Given the hundreds of women running for Congress in the midterm elections and the Dems' recent upsets in recent special elections, a “blue wave” is expected to wash away the Republican majority. But maybe not. First-time candidate Amy McGrath of Kentucky, a retired Marine fighter pilot and mother of three, told The Guardian that she's getting push-backs from voters and they're not men.

A woman's place is in the home

McGrath told of a female voter warning her that she couldn't vote for a mother of three. That her job is at home, not in Congress. Odd, isn't it: you don't hear that same concern when women work as teachers, and there are a lot of them.

The Association of American Educators notes a clear female majority in the profession, and its been that way for a very long time. Does anyone think that working in Congress is more demanding than teaching? One is hard work and the other isn't. Guess which is which?

Another distorted view

And speaking of a jaundiced eye, what's up with the illiberality toward those who teach art? Have you ever noticed that while headlines about sex offenders abound in all lines of work, the screamers about teachers who abuse their students get very specific when it comes to the subject they teach? Here's a typical caption that ran on Yahoo news just this month: “High School Art Teacher, 31, Accused of Sexually Assaulting a Student.” Or this from the Washington Post: “Police say Art Teacher had sex with four students.” In the interest of transparency, I used to be an art teacher so I may be overly sensitive here, but when faculty in other subjects – say, math or social studies -- are accused of a sex crime, their area of specialization doesn't necessarily show up in the headlines.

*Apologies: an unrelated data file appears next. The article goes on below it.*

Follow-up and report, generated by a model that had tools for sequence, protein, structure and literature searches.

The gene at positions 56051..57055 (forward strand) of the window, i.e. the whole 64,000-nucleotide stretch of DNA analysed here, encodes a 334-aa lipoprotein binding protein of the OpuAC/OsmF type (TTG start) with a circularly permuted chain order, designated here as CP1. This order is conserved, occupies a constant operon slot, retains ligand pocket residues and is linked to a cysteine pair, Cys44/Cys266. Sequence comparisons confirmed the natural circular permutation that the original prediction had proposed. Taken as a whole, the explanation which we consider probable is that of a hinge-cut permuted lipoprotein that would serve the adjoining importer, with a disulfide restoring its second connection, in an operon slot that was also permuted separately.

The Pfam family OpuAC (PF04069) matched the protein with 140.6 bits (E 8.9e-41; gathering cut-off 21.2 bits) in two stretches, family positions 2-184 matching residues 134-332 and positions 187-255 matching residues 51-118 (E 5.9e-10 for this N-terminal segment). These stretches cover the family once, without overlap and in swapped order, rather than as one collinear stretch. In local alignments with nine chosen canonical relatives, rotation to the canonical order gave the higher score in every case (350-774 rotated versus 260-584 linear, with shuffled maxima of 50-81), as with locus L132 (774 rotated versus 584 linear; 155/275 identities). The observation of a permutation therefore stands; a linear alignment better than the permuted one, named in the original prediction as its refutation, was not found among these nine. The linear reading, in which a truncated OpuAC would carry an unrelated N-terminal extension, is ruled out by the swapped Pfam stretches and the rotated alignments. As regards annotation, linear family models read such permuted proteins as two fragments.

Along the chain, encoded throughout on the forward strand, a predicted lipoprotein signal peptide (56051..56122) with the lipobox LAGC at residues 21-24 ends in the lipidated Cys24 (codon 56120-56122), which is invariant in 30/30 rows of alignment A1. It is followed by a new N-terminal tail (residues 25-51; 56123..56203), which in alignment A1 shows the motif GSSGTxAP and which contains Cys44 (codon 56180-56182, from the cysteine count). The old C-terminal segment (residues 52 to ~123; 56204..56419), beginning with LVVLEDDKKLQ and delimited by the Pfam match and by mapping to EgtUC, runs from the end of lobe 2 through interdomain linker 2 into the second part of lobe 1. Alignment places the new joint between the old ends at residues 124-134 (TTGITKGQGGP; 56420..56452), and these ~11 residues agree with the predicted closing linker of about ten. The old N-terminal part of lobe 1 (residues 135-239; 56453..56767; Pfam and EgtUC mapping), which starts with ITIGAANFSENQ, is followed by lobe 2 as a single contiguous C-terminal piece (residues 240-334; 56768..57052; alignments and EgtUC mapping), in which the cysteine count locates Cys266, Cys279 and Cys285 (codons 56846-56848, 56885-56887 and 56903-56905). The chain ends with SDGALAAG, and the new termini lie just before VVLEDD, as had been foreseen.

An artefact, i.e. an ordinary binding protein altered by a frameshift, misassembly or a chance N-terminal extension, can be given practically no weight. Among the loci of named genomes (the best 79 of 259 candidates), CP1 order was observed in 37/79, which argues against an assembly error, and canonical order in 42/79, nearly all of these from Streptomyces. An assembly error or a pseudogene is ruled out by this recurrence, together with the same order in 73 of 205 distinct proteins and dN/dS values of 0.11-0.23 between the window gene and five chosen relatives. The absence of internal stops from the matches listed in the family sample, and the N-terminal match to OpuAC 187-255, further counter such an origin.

Why is that, do you think?

Playing to the crowd

My guess? Headlines about sexually aggressive art teachers pack the bigger wallop than those, say, about home-economics teachers. It's as if the media plays off the popular notion that artists are wanton. That said, I rush to say that none of my objections to what I see as slanted media coverage are to say that art teachers who violate students shouldn't be pilloried, hung in the public square.

More twists of the truth

Probably the most famous art teacher who sexually abused a student was Agostino Tassi in 17th century Rome when he raped his teenage pupil Artemesia Gentileschi. Her father pursued a legal case against him and Tassi was kicked out of the city. Inexplicably, though, his crime was whitewashed in the 1997 biopic film of the artist's life, “Artemsia,” which portrayed the rape as consensual sex between lovers.

And to add to the weirdness, the movie was made by a woman. Cleaning up a dirty story is no better than trying to make it dirtier than it already is.

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